Tyres are made of different rubber compounds to promote elasticity and strength. On its own, however, most rubber cannot handle the combination of internal pressure (from inflation) and outside force (from the weight of the car).

To withstand these elements - and to give tyres specific characteristics - manufacturers mould the rubber around a layered lattice of cord. This cord grid acts as a flexible skeleton to hold the rubber together.

When overlaid in several different patterns, the cord grid is called the tyre's "ply." In general, there's a base layer and a "crown" layer above it. Based on their orientation, they are known either as "radial ply" or "bias ply."

Each is designed to hold the weight of a car (and any load it is carrying) in different ways. If you were to mix differently plied tyres on your vehicle, it would handle the load unevenly. This could lead to blowouts and poor steering, which could impact driving safety.

As such, this practice is against the law in the U.K. and no garage will condone or assist with it. If you were to mix the tyres yourself, it could result in fines.

4. Under Or Over Inflated Tyres

Consistently driving on under-inflated tyres can result in a serious fine or points on your licence. This is also true for over-inflated tyres, but for opposite reasons.

Under-inflated tyres are less responsive to directional changes, which reduces your handling on turns or when driving at higher speeds. They also place unnecessary weight on the sidewalls, which can damage the shape of your wheels.

Overinflated tyres, on the other hand, can lead to skidding. The more pressurised a tyre is, the less it's able to grip a road, which can result in a driver losing control. It can also damage the suspension over time.

Tyres may end up over- or under-inflated by accident, of course. Being caught with tyres in this state doesn't automatically mean a penalty. However, there may be consequences if they are in obviously poor condition or if they're routinely found in this state.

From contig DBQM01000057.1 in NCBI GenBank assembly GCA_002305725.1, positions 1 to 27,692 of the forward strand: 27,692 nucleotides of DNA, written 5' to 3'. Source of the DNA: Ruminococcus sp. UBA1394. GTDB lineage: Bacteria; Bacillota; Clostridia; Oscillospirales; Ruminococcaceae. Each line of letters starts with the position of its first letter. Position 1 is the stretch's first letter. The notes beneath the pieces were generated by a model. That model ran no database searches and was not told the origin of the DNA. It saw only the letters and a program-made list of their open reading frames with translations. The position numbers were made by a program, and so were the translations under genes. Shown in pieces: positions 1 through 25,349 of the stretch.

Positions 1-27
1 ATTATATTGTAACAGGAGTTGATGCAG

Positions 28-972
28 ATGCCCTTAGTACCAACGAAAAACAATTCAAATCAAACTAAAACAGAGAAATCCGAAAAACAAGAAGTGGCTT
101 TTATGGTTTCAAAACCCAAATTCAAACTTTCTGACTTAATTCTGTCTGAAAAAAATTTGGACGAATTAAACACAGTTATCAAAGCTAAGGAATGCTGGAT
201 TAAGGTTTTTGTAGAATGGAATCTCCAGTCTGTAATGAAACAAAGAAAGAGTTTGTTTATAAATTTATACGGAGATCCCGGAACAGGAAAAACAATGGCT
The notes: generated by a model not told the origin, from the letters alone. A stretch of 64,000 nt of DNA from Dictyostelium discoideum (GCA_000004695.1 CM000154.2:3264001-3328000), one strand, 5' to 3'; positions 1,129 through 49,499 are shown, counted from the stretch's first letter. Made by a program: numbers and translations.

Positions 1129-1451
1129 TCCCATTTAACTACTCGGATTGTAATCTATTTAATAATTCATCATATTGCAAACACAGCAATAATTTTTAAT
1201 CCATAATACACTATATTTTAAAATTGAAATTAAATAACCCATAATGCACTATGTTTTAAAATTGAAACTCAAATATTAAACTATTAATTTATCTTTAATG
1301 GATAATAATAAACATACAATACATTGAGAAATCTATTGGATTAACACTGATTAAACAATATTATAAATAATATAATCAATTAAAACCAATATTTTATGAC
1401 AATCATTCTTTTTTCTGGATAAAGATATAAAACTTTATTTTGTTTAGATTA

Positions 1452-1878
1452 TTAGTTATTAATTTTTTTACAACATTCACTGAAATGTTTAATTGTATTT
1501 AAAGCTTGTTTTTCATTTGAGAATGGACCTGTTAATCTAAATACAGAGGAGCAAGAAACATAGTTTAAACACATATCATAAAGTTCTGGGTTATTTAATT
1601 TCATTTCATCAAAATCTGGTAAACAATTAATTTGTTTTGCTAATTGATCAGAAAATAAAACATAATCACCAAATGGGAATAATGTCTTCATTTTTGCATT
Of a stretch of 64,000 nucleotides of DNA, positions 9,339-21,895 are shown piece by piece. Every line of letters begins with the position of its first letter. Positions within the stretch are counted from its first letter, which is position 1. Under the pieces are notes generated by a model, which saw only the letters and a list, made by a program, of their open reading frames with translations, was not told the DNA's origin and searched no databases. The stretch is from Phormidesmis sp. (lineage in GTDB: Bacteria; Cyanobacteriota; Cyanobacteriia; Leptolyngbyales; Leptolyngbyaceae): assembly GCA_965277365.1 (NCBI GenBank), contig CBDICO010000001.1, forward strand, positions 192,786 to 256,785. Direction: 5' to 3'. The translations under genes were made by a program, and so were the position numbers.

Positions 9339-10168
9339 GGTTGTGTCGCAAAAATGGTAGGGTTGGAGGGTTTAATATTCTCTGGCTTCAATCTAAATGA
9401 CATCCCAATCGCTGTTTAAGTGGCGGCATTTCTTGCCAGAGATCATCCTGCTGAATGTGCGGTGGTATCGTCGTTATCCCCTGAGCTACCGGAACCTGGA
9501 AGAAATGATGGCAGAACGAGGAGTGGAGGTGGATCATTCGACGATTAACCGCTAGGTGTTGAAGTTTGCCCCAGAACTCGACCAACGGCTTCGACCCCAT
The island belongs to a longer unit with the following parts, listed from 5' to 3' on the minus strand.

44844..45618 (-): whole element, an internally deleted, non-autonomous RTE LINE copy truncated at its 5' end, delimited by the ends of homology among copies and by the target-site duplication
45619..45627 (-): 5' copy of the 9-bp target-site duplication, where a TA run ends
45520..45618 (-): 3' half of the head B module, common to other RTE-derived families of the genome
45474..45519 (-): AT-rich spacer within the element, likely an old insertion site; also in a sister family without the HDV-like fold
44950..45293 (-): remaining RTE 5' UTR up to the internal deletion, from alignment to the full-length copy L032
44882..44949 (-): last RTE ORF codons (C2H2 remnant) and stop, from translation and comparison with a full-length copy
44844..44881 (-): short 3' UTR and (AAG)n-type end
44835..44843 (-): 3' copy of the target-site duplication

5. Improper Tyres For The Vehicle's Use

Driving with tyres that are unfit for a vehicle's purpose can be illegal. This usually applies to tyres that:

  • Don't meet the load requirements of the vehicle
  • Have a max speed rating that is unsuitable for the particular car

For example, fitting car tyres to a motorhome (which cannot be done easily) is unlawful. They will be unable to support the weight of a motorhome, and they are likely to result in either blowouts or lost control of the vehicle. This makes them knowingly unsafe on the road, which is illegal.

Vice versa, wheels that are too large for a vehicle can significantly affect handling or risk detaching without serious vehicle modifications (which, in and of themselves, could render your vehicle illegal).

Worried About Your Tyres?

If you're uncertain about the state of your tyres, or want to verify that you're in full compliance with U.K. road laws, reach out to our experts at Autofusion. We're happy to offer insight, advice, and servicing to ensure your tyres are in lawful shape and ready to keep you safe on the road.